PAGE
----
Once children have mastered their foundational writing skills, they start to become writers. Researchers call this phase of development emergent writing, which consists of three domains:
Conceptual knowledge includes learning the function of writing. Children learn that writing has a purpose and that print/letters carry meaning to communicate a message. An example of this is children becoming aware that the red, octagonal street signs say “stop”.
Procedural knowledge takes place when children learn the mechanics of letter and word writing, and develop an understanding of the alphabet (how to form letters and sounds associated with each letter).
Generative knowledge is the ability to translate thoughts into writing words, phrases and sentences.
For more detailed information about these three domains, click here to read NAEYC’s article, Promoting Preschoolers’ Emergent Writing.
Activities to Practice Writing Skills
Children learn and gain interest in writing through exposure to print (letters, signs, etc.) in their environment. For teachers to support children’s writing, there should be a variety of opportunities to practice throughout the children’s day.
Practice name writing. One of the first words children usually learn to write is their first name — and often, children will express interest in wanting to learn the letters of their own name. Name writing can be incorporated often in the classroom by having children sign their name on their art projects, or by having a sign-in and sign-out sheet where children log their names.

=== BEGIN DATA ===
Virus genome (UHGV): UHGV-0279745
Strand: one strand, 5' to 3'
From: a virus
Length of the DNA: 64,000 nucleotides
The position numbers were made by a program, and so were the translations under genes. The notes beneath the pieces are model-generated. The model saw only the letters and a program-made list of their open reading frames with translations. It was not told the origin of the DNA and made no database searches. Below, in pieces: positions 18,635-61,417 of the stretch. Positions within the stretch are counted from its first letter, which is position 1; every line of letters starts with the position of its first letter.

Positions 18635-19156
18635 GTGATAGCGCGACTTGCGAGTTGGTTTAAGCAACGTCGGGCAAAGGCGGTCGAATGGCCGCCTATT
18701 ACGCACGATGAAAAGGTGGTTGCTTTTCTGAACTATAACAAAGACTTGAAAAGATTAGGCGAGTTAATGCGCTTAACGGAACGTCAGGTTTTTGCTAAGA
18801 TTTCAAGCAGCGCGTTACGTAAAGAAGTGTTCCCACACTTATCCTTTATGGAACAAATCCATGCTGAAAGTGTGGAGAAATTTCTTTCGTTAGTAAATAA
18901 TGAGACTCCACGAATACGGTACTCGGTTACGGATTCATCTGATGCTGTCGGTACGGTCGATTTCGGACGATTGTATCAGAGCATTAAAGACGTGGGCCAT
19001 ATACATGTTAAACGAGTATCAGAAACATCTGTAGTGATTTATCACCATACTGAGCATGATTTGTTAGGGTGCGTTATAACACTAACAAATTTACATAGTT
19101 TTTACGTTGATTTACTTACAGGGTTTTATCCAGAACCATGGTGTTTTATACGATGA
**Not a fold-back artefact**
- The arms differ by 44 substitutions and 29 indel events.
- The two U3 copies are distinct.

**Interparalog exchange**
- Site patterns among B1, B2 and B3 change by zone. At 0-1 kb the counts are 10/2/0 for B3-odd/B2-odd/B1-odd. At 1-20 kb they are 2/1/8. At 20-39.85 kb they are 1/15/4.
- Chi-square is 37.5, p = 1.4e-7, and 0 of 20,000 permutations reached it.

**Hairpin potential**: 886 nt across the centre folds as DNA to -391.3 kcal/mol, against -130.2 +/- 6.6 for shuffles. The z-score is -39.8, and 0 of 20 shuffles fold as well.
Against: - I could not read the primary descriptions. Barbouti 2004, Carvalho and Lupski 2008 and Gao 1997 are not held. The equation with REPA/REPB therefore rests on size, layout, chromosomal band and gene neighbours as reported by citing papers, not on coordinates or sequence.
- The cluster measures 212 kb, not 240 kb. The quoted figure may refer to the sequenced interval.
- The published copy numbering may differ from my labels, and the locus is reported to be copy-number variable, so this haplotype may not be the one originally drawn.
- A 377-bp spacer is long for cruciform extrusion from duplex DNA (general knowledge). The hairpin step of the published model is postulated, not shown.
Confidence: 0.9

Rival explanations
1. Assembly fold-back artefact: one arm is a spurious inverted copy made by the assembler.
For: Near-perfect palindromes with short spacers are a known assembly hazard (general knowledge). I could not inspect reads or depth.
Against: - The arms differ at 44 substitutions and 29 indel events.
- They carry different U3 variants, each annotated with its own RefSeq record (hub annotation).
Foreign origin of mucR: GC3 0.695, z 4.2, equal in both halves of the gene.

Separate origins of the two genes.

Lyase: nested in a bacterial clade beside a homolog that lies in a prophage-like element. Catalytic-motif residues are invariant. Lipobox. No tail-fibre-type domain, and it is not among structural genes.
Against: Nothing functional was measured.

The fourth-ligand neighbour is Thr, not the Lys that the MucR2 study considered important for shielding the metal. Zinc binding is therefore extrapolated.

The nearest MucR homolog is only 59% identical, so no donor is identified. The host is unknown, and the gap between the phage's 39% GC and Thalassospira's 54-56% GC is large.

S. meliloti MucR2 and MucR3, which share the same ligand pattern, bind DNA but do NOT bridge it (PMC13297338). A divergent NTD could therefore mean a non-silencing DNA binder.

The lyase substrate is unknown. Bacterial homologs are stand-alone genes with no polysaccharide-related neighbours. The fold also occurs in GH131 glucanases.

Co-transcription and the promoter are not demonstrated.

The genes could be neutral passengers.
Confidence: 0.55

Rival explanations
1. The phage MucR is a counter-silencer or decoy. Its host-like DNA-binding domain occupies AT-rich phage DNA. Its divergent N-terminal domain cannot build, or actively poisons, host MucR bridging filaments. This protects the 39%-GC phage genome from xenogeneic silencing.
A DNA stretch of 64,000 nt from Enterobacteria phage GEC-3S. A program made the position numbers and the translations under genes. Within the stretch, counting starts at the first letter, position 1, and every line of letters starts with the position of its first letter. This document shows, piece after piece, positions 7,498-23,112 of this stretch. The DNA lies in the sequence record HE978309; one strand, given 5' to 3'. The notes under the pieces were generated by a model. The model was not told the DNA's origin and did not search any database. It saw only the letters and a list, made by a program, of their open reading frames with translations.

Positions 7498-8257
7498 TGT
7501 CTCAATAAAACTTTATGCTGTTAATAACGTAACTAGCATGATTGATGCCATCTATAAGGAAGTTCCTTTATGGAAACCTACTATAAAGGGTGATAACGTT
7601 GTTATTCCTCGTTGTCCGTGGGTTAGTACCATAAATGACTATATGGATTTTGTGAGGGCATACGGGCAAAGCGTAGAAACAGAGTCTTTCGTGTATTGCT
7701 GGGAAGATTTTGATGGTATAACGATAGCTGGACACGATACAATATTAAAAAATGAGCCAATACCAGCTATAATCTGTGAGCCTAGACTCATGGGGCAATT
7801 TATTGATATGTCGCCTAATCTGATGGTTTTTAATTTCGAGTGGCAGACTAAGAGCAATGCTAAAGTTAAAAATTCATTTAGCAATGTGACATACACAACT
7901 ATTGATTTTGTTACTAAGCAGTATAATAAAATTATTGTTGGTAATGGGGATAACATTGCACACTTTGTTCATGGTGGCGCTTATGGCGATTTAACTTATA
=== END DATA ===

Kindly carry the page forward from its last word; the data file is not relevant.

Include writing in dramatic play. During pretend play, children often enjoy creating signs for their store, menus for their restaurant, or receipts for their cash register. Dramatic play provides a variety of opportunities for children to practice their writing skills in ways that feel interesting and fun.
Give each child a journal to practice writing. Journals offer a great opportunity for children to not only practice their writing skills, but also have a record of their progress throughout the year. Purchase each child a journal for writing, drawing pictures and doing activities throughout the year. The journal will also make a very special keepsake for families to hold onto.
Practicing writing and fine motor skill activities are also particularly conducive to maintaining social distancing — as they can be practiced individually, with children spaced out from their peers.
To limit sharing materials, keep journals in children’s cubbies with their own pencil or writing utensil. You might also consider having plastic bags of crayons, colored pencils, markers, and other writing utensils for each child to keep in a cubby and use for drawing pictures.
Resources for Further Reading